So Apple is rumored to be going for a smaller 19-pin connector that still allows clever accessory interactivity and yet improves the phone structurally. It shows that Apple's not content to settle on design, to sit back and become complacent. That would be easy, and it would be the end. Instead Apple's keen to edge ahead, disregard the norm, stay hungry, stay foolish, and pursue neat design solutions. It's classic Apple.

That's great news for the company itself, investors, and consumers and, yes, accessory makers who can now sell even cleverer accessories.

And also: This is just a connector port, people! It's not the end of the world, and it's an as-yet-rumor-only minor design point in a phone that will have many other innovations.

[Image: Kit Eaton]

Chat about this news with Kit Eaton on Twitter and Fast Company too.

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  • MikeC

    I think it is a terrible idea.  Just when the ipod connector has reached the mainstream (docking alarm clocks in hotel rooms, connectors as options in new vehicles), they're going to change it.

    Sometimes, you don't have to change to win.

  • Kit Eaton

    Hey Mikec. Agreed--sometimes resisting change is a good thing. But the iPod connector's been out for 9 years now, and only *now* other folks are catching no one else has even come close to producing so ubiquitous and successful a standard for all their mobile devices. 

    If no one ever changed protocols like this, then you'd not be able to hook your TV up to your PS3 or whatever over HDMI. Instead you'd have to rely on huge SCART sockets or low-quality analog video ports. 

  • Jyri Jokinen

    Key word in your sentence "no one has come close to producing a standard for _their_ mobile devices". It's only Apple devices. Other manufacturers would probably not be allowed to use that same "standard". I'd rather have a standard that is available for everybody. If Apple had their way, there would be no HDMI, it would more likely be HD Apple Interface.


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  • Aristeia

    I can't help but wonder about the comment that Micro or Mini USB cables aren't "as capable as the 30-pin."  This particular comment surprised me, because I hadn't heard that before.  Perhaps my google-fu is rusty, but I wasn't able to find any information backing that statement.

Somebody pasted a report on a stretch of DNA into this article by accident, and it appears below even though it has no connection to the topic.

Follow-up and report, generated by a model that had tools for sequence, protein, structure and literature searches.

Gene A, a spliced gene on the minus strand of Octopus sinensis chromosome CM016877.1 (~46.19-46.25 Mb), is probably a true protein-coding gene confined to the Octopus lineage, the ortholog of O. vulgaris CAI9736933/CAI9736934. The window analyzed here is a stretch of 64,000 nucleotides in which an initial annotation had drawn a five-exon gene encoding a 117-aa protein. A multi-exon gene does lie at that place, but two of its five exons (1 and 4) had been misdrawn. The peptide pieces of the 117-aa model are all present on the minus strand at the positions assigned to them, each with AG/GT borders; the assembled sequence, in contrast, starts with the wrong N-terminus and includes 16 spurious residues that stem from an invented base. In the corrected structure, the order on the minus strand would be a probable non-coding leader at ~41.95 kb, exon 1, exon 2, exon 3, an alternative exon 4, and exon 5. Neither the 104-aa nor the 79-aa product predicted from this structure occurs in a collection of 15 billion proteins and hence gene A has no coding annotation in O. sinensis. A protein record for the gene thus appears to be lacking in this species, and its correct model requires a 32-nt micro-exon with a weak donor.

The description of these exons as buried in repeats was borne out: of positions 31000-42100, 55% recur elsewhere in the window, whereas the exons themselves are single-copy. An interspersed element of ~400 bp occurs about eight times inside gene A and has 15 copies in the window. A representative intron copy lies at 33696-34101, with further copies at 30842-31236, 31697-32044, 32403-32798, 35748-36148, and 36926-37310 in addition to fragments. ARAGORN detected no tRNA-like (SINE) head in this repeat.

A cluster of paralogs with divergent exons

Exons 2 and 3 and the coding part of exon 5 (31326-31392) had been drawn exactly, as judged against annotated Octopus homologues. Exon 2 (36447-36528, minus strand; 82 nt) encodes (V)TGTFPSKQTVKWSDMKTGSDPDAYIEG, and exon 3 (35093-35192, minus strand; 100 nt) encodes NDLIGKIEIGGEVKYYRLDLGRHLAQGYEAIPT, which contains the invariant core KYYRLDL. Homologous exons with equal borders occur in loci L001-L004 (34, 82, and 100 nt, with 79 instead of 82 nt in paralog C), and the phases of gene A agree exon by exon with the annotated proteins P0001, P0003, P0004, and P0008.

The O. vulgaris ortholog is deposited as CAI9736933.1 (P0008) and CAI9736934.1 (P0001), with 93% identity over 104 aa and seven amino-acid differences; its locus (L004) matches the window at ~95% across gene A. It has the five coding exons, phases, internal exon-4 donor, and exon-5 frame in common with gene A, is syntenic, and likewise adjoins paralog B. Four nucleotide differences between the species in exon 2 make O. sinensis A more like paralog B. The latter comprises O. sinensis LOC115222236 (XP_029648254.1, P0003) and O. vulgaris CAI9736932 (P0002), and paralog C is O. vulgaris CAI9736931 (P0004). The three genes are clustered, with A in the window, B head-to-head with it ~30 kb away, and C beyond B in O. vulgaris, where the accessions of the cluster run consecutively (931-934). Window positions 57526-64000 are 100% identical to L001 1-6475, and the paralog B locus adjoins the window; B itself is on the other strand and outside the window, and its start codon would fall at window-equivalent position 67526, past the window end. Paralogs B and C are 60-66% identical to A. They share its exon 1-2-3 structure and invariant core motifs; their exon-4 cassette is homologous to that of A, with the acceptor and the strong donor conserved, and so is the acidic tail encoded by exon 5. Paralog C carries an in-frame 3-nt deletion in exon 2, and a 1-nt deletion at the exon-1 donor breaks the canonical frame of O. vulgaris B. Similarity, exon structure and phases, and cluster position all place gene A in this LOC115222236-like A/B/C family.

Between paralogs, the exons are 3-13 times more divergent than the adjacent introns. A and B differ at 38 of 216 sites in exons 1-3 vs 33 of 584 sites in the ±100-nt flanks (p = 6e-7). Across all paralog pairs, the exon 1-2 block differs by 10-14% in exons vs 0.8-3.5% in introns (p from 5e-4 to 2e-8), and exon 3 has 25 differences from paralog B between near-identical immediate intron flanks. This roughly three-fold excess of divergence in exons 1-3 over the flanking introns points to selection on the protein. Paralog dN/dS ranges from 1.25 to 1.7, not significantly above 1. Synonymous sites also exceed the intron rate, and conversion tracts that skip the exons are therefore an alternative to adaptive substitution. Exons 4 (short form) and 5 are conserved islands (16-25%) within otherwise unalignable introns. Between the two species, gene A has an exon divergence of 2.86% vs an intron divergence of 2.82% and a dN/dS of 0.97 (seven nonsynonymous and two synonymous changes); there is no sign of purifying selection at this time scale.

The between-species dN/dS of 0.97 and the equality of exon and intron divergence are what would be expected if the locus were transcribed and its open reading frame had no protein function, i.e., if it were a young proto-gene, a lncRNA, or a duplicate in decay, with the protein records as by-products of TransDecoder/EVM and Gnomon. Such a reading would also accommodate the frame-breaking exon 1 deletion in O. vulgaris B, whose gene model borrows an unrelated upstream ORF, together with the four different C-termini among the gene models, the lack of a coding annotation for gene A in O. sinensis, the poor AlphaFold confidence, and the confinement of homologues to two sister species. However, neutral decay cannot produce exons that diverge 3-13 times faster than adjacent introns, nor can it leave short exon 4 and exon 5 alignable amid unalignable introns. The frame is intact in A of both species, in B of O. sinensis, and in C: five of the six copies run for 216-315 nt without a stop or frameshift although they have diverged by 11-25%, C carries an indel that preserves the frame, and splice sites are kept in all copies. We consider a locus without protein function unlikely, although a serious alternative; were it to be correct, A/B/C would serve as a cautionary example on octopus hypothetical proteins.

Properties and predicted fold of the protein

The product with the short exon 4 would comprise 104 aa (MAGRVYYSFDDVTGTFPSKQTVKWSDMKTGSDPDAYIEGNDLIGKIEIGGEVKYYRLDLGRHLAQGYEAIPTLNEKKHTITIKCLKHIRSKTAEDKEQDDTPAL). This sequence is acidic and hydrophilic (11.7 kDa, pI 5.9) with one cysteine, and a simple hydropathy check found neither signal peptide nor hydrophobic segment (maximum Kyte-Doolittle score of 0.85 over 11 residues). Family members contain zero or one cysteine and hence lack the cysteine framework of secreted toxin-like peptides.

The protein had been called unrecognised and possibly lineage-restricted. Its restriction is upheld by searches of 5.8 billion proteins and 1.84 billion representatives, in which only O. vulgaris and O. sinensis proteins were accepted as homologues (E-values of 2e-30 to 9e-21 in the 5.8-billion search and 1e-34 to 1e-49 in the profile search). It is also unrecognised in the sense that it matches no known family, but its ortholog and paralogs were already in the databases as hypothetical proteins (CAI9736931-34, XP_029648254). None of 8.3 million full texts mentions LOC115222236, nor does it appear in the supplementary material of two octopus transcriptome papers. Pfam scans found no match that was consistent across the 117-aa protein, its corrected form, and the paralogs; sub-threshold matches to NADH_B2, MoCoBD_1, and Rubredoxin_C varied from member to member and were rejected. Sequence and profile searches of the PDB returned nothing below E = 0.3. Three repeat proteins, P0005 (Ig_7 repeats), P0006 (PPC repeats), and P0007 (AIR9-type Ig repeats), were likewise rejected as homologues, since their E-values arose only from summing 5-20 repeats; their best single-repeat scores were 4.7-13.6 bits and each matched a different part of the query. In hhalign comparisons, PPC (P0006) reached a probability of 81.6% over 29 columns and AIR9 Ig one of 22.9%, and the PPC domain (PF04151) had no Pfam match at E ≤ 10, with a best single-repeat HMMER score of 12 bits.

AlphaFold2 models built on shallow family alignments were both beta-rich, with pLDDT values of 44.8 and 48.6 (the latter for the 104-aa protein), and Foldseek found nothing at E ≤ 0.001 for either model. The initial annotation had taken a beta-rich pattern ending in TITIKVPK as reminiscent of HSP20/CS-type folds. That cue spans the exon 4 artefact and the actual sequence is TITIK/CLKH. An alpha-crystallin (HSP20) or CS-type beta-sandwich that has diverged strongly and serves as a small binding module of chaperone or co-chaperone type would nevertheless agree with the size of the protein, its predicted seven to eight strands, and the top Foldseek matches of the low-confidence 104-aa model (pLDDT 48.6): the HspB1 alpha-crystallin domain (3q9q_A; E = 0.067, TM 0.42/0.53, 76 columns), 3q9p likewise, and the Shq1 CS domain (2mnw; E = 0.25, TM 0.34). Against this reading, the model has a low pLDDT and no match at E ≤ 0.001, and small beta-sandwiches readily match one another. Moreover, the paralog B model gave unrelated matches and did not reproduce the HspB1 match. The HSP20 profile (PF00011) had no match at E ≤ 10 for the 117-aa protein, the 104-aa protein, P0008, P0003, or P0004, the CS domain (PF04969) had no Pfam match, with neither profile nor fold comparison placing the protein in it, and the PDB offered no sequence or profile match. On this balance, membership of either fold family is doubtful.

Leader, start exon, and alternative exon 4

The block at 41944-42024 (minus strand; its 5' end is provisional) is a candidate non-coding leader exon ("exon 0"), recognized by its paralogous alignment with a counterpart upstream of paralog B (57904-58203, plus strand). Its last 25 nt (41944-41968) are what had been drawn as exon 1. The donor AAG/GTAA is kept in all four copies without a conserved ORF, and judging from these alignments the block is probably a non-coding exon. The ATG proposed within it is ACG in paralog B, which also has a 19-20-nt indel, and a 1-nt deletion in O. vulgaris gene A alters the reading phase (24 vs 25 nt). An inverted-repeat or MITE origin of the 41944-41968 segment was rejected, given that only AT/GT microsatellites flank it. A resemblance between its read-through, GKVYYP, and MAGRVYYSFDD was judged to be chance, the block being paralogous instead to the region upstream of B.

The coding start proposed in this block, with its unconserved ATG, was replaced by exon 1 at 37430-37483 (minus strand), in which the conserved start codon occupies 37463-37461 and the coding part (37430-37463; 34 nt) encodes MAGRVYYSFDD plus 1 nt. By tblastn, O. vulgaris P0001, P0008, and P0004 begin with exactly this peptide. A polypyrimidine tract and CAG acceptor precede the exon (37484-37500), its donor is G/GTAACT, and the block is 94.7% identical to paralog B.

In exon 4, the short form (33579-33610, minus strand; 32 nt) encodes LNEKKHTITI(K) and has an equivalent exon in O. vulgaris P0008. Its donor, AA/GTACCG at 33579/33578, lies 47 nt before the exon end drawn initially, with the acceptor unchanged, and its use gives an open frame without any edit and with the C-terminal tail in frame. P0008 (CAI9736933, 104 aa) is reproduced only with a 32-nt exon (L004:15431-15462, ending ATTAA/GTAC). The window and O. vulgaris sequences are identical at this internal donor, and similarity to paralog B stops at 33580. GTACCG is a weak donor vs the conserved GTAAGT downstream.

Could you link the source for that fact, or am I missing something?

    Bear in mind that I've owned iPhones and Android phones over the years, and still have an iPad - not really rooting for either horse here.

  • Jyri Jokinen

    This is something I wonder as well. I understand that if all the mobile devices one has ever used were Apple, there's a nice bit of interoperability between accessories. But rest of the world is moving to micro USB, and I - for one - am frustrated every time a new power/data connector is introduced. Most recently Playstation Vita and Samsung Galaxy Tabs.

    Why can't everything be microUSB? This is just data, people!

  • Kit Eaton

    Hey James. It's really all expressed by the question: Why 30 connection points? Check out this list of what each "pin" means: The iPod connector has space for several types of power to suit USB, FireWire, video systems and to power accessories. There's line-out audio in stereo, composite video output, s-video out, a clever line to handshake with accessories to see what they are, USB data, FireWire data, common lines and a "backup" data/power line that could be used in different ways. 

    A simple USB micro or mini port on a different phone (it doesn't matter which, just a question of size) has just four "pins." It simply enables transfer of power and typical digital USB data. If you were sneaky, you could repurpose the port on your phone the fly and say "for now, use the USB data line as a plain line-out audio" but that would be awkward, would likely break accepted USB protocols and you can tell it would mess up some accessories. 

    Apple's solution allows for the phone to be sucking on power from some lines, while simultaneously sending digital data down other lines alongside analog audio signals or even analog video out. In a different way it also allows for power to be sent from the phone to power accessories, alongside data chatter, which really expands the potency and the kind of accessory that you can plug in. 

    Hence Apple's (probably) rationalized the design a bit, ditched some legacy requirements, added in a few future-facing pins that will enable "X" clever tech to work in five year's time, and that comes to 19 pins in the new design. Much more flexible than USB. Yup?